IFA executive board on brink with grassroots in open revolt
Published 30/11/2015 | 02:30
The executive board of the IFA is on the brink of collapse as county branches around the country call for its members to resign.
At least six county boards have now passed motions of no confidence in the executive board as grassroots members revolt in the wake of the payment controversy.
More county boards are expected to make similar calls as branches hold emergency meetings in the coming days and next week.
Several county chairmen told the Irish Independent last night they see the collapse of the executive board as the "only outcome likely".
The executive board currently is made up of the acting chairman Tim O'Leary and treasurer Jer Bergin as well as the four regional chairmen in addition to some staff members.
West Cork was the first to pass the motion of no confidence, which now goes forward to the IFA executive council who will meet on December 15. Sligo, Roscommon, Donegal, Mayo and Galway have all followed suit in putting forward motions of no confidence - though the motions by Galway and Mayo exclude the regional chairmen.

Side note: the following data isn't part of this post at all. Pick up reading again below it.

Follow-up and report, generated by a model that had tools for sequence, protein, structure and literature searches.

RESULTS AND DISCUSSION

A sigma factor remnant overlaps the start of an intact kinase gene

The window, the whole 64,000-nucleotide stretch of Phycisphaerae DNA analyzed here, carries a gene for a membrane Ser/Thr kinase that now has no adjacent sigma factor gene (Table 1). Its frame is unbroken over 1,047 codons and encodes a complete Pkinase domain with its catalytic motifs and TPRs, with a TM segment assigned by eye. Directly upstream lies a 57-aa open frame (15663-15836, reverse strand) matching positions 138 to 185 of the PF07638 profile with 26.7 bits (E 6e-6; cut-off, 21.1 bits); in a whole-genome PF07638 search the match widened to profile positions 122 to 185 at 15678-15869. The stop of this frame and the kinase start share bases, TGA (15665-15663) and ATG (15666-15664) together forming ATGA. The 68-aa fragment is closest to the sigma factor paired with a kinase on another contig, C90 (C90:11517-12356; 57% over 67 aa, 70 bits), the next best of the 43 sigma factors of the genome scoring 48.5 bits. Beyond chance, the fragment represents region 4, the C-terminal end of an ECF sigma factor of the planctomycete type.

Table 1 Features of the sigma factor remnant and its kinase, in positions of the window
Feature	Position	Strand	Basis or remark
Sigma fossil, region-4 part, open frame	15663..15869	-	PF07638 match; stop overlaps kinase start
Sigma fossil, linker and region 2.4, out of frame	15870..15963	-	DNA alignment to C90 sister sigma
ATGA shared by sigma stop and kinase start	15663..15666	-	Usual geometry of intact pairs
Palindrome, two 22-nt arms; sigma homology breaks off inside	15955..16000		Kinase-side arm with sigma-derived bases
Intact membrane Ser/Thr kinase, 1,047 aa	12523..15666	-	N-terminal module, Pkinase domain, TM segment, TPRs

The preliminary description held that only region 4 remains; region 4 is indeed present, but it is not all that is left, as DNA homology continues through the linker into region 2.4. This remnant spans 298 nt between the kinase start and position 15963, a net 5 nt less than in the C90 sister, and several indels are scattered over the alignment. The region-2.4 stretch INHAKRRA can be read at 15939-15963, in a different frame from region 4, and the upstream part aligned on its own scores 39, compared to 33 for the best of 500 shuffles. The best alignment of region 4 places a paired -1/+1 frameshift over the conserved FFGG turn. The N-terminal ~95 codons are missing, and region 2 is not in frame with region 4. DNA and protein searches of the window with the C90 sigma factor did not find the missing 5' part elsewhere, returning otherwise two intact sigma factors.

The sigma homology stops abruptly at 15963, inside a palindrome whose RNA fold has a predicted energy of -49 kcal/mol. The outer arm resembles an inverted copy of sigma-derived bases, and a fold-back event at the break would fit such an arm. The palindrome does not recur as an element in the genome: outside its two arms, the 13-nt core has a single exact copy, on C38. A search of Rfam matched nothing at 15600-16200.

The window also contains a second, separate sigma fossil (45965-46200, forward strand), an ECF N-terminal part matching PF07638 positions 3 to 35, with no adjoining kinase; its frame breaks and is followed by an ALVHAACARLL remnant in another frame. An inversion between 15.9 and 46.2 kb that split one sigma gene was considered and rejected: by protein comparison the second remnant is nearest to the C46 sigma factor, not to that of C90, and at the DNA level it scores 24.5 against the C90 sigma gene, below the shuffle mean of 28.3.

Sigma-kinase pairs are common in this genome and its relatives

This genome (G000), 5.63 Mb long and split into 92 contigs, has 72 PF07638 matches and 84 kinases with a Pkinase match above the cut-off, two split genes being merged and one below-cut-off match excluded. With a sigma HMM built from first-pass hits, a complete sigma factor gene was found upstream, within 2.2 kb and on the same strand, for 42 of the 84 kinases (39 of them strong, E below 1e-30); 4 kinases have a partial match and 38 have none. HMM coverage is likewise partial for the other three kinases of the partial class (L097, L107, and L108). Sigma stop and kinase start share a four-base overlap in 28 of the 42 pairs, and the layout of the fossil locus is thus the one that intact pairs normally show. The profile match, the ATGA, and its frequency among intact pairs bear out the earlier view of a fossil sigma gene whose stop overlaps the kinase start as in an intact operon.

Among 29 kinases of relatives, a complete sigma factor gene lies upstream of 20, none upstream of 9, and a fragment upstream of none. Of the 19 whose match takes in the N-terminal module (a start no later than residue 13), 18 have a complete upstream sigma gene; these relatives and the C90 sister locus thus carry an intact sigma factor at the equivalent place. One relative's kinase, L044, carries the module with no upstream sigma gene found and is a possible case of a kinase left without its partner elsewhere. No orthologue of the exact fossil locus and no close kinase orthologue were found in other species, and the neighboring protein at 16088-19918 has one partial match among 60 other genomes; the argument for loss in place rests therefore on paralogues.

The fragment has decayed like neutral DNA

The motions come after it was revealed that the IFA general secretary Pat Smith received a salary of €535,000 in 2013 and €445,000 last year.
Grassroots members are particularly angry that concerns about remuneration levels at the IFA were raised in a series of letters by Con Lucey, who is now conducting a review of the IFA, were not acted upon.
Cork West chairman Richard Connell said "huge anger on the ground had led to the county calling for the entire executive board to step down".
"With the pressure now coming, it's hard to see how long the board can survive. In West Cork, it's seen as the longer it stays intact, the more damage is done."
Another chairman said the level of opposition to the board is such that "it would be impossible for the board to stay as it is. If it keeps gathering pace I think there can only be one outcome".
At the weekend, former IFA President John Donnelly also called for those on the executive board to resign and for the election of a new president to be postponed for six months.
In Clare, acting president Tim O'Leary was criticised by Former IFA Munster vice president John Slattery, who said he should have acted on the concerns raised by Con Lucey.
Mr O'Leary rejected the accusations and said an audit committee had been reinstated to deal with the issues raised.
He pledged the IFA would be a better organisation following the controversy.